“Child Welfare” is a television broadcast by the Central Office of Information from 1962. It advertises the positive effects of new benefits on the wellbeing and security of a new generation of British children born after the war. The fourteen-minute programme explains the financial and practical resources available to mothers for the purpose of bringing up their children in a country which was no longer constrained by rationing.
The broadcast focuses on the wellbeing of children, a worthy and important cause in its own right, of course. But at the same time as the state boasted about these new benefits available to mothers in order to support their children, it also taxed war widows’ pensions at the highest rate of 50%, often leaving widowed mothers with such a reduced income that they could barely afford to feed themselves and their families. At the time, bereavement counselling, as we now know it, did not exist, and scholars had only just begun to research experiences of grief in psychological terms. Women were often left to struggle in isolation and silence with severe economic hardship, their new status as single mothers, and their grief for the husbands they had lost.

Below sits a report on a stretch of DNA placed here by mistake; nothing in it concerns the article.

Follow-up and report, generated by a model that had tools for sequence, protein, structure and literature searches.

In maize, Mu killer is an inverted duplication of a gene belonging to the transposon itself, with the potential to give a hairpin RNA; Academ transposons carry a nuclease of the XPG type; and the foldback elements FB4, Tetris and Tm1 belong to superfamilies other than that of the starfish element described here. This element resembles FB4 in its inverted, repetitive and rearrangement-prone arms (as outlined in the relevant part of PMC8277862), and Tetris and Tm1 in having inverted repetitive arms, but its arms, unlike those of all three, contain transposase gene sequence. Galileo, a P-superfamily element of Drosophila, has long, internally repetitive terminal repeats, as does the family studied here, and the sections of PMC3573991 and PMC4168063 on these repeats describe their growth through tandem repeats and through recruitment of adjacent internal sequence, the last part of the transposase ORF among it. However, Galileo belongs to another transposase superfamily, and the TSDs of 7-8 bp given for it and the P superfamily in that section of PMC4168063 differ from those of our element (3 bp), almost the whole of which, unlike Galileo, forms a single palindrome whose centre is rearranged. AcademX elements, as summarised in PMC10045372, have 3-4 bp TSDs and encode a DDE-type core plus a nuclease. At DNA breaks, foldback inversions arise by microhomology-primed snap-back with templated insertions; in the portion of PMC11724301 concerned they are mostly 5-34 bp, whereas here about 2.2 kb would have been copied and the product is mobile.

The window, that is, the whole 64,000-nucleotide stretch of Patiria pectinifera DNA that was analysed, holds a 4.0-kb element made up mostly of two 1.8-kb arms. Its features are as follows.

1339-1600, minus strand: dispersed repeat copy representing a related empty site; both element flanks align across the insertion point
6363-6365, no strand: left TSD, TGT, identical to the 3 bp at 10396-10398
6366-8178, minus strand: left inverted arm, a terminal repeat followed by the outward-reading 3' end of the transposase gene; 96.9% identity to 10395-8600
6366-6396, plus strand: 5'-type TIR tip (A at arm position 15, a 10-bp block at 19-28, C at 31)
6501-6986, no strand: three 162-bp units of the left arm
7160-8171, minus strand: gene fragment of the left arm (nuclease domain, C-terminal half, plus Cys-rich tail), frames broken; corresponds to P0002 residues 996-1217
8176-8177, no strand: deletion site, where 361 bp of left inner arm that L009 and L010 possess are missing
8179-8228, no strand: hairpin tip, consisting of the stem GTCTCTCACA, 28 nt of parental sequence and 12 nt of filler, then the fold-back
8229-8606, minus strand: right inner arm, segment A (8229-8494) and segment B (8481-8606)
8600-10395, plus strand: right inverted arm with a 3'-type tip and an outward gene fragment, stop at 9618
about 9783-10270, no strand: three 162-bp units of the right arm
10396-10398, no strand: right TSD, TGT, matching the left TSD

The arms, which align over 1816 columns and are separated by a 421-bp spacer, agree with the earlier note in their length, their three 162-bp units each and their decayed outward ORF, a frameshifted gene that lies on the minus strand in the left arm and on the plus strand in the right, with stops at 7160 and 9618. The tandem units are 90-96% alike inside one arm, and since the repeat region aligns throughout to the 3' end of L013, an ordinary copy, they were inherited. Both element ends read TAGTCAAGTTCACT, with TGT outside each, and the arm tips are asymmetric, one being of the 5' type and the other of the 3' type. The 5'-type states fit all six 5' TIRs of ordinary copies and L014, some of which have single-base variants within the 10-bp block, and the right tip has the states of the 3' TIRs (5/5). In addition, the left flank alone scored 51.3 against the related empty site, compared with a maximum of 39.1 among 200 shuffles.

You can find out more about war widows in post-war Britain here. You might also be interested in “The World of the Widow” (1960), a BBC Home Service broadcast that was the result of one of the first sociological studies of widowhood. It includes interviews with war widows about their experiences of life and bereavement during the 1950s.